Work equipment and protective systems must comply with the relevant Community provisions, in particular with Directive 94/9/EC.
The employer must establish procedures (action plans) which can be implemented in the event of an accident, incident or emergency related to the presence of hazardous chemical agents at the workplace
The employer must inform workers:
- on emergency arrangements;
- on the results of the risk assessment;
- on the hazardous chemical agents present at the workplace with access to safety data sheets;
- by training on the appropriate precautions and on the personal and collective protection measures that are to be taken.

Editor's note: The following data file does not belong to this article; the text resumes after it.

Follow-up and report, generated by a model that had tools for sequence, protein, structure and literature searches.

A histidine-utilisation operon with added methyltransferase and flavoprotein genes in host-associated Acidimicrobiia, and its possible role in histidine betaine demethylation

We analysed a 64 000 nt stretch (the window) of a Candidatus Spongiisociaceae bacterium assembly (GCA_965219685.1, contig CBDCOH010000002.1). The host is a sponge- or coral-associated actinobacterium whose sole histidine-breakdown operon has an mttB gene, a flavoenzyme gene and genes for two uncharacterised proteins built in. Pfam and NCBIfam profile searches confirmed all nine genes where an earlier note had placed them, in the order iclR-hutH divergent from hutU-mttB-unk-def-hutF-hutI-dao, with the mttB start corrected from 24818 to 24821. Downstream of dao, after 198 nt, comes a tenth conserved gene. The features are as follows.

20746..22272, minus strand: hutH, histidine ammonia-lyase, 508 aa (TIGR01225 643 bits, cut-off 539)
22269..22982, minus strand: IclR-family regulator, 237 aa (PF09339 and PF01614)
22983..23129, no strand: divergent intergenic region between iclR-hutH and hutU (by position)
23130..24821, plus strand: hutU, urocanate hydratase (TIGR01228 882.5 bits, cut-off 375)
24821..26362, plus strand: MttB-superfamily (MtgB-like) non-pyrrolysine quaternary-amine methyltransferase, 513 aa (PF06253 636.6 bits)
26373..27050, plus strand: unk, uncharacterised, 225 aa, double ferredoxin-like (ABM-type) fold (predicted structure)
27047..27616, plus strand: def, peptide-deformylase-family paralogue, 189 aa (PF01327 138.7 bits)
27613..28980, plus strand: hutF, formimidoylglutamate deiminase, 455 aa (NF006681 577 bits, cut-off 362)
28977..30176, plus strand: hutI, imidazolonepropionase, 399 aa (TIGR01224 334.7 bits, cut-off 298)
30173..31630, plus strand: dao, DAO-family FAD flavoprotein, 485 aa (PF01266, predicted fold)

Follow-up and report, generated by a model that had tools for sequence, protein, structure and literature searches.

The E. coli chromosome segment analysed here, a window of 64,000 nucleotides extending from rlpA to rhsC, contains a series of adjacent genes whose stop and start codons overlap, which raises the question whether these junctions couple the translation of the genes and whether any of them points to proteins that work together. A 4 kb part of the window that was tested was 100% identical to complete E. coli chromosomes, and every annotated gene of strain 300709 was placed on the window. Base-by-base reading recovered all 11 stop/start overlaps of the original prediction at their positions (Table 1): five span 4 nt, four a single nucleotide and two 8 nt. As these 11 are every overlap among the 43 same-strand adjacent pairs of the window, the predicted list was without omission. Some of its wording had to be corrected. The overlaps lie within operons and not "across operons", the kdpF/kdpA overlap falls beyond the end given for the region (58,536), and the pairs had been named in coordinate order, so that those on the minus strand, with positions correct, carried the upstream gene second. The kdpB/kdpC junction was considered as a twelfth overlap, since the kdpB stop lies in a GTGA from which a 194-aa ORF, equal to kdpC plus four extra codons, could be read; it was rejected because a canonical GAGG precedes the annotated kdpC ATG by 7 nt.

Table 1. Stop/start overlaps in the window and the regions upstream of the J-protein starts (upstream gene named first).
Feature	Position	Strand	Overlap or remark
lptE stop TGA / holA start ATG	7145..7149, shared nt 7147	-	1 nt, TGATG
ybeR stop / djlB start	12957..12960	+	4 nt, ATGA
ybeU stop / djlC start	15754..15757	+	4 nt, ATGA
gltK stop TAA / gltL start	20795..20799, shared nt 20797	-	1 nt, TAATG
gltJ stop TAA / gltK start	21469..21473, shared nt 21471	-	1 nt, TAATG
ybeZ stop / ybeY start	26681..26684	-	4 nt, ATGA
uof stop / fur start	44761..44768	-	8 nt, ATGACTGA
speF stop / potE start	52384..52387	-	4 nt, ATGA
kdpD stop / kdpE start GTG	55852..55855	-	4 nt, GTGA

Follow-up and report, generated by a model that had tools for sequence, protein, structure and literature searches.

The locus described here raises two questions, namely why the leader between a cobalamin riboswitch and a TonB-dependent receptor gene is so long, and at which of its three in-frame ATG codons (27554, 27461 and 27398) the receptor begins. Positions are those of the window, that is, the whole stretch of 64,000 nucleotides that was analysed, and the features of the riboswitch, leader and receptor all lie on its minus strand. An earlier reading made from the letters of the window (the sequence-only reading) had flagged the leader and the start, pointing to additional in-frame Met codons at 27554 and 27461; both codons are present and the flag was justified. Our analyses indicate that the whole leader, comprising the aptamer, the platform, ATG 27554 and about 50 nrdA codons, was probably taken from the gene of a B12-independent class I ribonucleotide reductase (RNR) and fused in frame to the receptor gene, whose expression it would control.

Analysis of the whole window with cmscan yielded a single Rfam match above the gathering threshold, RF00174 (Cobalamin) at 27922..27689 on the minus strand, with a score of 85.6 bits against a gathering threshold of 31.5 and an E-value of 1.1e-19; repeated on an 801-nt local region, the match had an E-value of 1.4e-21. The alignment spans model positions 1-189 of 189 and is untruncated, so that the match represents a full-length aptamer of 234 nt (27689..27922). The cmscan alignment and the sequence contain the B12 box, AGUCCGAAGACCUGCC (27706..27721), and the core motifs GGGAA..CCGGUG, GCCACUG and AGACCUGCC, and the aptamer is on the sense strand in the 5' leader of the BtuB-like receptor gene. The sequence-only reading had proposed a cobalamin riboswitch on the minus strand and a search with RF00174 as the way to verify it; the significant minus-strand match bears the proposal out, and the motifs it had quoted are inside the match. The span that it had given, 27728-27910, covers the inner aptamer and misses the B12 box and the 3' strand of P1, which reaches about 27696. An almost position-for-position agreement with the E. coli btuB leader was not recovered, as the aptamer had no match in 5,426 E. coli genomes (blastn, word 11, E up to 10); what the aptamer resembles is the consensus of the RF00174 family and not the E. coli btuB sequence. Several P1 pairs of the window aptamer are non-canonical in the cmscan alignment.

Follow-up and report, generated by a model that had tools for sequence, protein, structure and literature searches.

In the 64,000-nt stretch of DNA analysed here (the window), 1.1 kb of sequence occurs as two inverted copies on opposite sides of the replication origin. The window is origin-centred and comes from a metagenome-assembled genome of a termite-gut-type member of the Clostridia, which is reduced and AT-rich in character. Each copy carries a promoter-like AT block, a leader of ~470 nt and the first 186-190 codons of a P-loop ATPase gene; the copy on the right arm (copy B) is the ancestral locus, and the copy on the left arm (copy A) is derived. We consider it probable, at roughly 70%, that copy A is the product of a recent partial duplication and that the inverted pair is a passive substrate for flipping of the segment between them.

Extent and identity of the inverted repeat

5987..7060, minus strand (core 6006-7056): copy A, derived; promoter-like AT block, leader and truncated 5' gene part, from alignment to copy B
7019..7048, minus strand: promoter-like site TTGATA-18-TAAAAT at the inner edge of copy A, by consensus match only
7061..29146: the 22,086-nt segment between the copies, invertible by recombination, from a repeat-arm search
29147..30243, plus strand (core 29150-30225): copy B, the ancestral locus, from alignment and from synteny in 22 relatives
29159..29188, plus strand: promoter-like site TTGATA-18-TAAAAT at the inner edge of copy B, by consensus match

The employer must ensure that the contents of containers and pipes and any hazard that they represent are clearly identifiable.
Annex III to the Directive specifies limits above which certain chemical agents and activities involving chemical agents are prohibited. Member States may permit derogations from these prohibitions in special circumstances.
Member States must introduce arrangements for carrying out appropriate health surveillance of workers for whom the results of the assessment made by the employer reveal a risk to health. Health surveillance is compulsory for work with a chemical agent for which a binding biological limit value has been set. Individual health and exposure records must be made and kept up-to-date for each worker who undergoes health surveillance. The individual worker must have access to his personal records.